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Comment: Re:Don't give up so easily (Score 1) 790

by vlm (#31751480) Attached to: Net Neutrality Suffers Major Setback

Spend more money on regulating Comcast

Don't assume regulation involves a loss. Some regulations exist solely to make a profit. (speed traps, war on some drugs, probably others). Golly Gee comcast, that'll be $1M for blocking's VOIP service, head on down to city hall and get in line with the property tax payers at the cashiers office...

The big problem with getting the locals to do the net neutrality thing, is in the USA, corporations and govt have merged at all levels. At the local level, why would some dumpy local bookstore want people to be able to access Why would any of the dumpy local antique shops want people to be able to access Why would the local fishwrap (newspaper) want people to be able to access I'm struggling to think of a local business that would benefit from allowing the unwashed masses to access their competitors over the internet...

Comment: Re:Sub-Orbital == Final Frontier? (Score 1) 190

by dwarg (#31584034) Attached to: First Flight For SpaceShipTwo

You're correct in that too many people on the left seem to think the purpose of stimulus is just to "save/create jobs." But too many people on the right use that to blind themselves and sit comfortable in the idea that the invisible hand will magically solve everything without that pesky gubmint stealin' their tax monies.

The primary benefit of stimulus should be infrastructure. Putting people to work and keynsian multipliers are all just gravy. Unfortunately infrastructure has become is all the more important in the modern era where fear of dinging a companies quarterly earnings report has choked of most private investment in the future. Keynes didn't get that either. You don't build something just to build it, you need to have an eye toward future value.

The railroads, telegraph, telephone, interstate, and internet were all funded, at least in part, with public money and those investments have paid for themselves many times over. As per your example, the Panama Canal was a publicly funded project that probably paid for itself (hard to quantify the cost of all those malaria deaths). Similar investments in domestic energy, and wireless communications should have started 20 years ago. There's nothing wrong, and a lot right, about the government building something and then selling or leasing it to private companies with an agreement to serve the public good.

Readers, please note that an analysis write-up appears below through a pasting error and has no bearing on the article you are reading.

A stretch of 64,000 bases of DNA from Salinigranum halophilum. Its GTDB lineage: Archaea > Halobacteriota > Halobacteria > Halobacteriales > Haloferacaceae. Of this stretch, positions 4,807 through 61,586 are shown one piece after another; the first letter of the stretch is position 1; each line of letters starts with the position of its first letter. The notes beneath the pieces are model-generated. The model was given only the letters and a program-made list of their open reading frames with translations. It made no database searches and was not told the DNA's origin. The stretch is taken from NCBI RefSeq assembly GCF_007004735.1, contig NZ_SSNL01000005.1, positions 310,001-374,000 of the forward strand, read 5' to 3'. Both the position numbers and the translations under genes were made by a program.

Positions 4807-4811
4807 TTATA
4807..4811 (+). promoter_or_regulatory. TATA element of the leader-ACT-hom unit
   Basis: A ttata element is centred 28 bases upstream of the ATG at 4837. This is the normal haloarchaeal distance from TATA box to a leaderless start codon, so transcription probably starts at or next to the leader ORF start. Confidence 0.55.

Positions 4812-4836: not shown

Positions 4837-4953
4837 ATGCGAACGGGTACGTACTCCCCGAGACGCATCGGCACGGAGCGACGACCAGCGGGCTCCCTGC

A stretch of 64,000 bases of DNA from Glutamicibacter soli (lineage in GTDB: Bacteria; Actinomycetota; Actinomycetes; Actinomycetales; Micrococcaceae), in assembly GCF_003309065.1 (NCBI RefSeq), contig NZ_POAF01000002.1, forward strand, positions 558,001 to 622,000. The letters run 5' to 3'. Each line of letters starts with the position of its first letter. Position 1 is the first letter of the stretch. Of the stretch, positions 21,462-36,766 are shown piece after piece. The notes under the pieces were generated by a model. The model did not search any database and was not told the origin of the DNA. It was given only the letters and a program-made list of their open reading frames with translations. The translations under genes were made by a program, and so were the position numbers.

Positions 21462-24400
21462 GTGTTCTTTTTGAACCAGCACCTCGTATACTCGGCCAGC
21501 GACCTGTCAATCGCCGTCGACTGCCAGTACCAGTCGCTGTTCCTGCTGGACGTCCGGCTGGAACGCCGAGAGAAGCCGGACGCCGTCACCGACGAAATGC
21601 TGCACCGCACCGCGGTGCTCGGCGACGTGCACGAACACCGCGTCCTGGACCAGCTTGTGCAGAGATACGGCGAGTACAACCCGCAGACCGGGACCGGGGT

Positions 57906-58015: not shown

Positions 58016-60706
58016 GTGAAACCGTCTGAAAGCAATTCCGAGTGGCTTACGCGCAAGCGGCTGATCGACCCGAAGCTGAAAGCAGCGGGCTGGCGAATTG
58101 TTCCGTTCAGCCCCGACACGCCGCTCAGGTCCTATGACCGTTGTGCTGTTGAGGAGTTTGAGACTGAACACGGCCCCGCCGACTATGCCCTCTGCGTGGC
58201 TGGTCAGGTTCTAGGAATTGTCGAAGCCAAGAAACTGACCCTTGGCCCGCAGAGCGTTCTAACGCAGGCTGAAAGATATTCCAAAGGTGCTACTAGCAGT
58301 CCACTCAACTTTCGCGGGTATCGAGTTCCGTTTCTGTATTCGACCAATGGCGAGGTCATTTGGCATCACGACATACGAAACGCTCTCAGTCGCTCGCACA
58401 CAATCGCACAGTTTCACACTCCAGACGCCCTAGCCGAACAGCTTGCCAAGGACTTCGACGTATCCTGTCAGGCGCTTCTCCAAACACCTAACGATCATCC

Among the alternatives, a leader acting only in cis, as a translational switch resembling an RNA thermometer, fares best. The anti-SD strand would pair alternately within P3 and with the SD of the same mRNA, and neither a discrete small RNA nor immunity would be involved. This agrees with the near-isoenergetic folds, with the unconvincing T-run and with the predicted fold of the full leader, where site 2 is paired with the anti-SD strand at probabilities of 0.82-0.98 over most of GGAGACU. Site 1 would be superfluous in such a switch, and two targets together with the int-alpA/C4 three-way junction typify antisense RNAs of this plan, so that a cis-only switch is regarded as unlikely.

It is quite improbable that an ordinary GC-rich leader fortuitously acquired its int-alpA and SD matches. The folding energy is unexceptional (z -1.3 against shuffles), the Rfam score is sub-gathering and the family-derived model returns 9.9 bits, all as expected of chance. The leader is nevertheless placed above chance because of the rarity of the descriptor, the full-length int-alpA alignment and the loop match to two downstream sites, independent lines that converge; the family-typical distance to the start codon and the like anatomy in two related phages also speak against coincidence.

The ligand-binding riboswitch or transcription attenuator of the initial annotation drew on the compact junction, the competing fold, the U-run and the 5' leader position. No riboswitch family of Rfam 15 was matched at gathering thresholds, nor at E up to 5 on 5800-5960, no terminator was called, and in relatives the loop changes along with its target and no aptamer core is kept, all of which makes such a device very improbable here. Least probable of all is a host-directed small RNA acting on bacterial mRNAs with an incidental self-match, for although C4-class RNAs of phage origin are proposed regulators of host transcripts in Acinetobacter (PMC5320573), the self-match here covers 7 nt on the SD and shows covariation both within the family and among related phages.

Stimulus certainly can be a good idea. Now as for the way the current administration has been spending that money... Umm... Not so good.

Comment: Re:I hate to say it, but... (Score 1) 631

by hicksw (#31584012) Attached to: Multicore Requires OS Rework, Windows Expert Says

I noticed the same on my mac. With a set of eight CPU graph meters in the menu bar, they're almost always evenly pitched anywhere from idle to 100%, with a few notable exceptions like second life, some photoshop filters, and firefox of all things.

When booted into Win, more often than not I have two cores pegged high, and the others idle. Getting even use out of all cores is the exception, not the rule.

Have you perhaps encountered a Windows license limit? Most Windows licenses have a two cpu limit.

Welcome to the world of "computer says no".

Comment: Can't regulate stupidity (Score 1) 457

by dammy (#31584002) Attached to: Senate Votes To Replace Aviation Radar With GPS

Personal electronics ban is trying to regulate stupidity. Won't help, it will only hurt those of us who don't fly large aircraft which have working toys. I think Congress needs to do a bit of flying during the summer in singles or light twins while dodging thunderstorms with no onboard wx RADAR and see if that smartphone (or netbook) is worth it's weight in gold for near live RADAR updates.

Comment: Re:Unintended consequences? (Score 1) 2424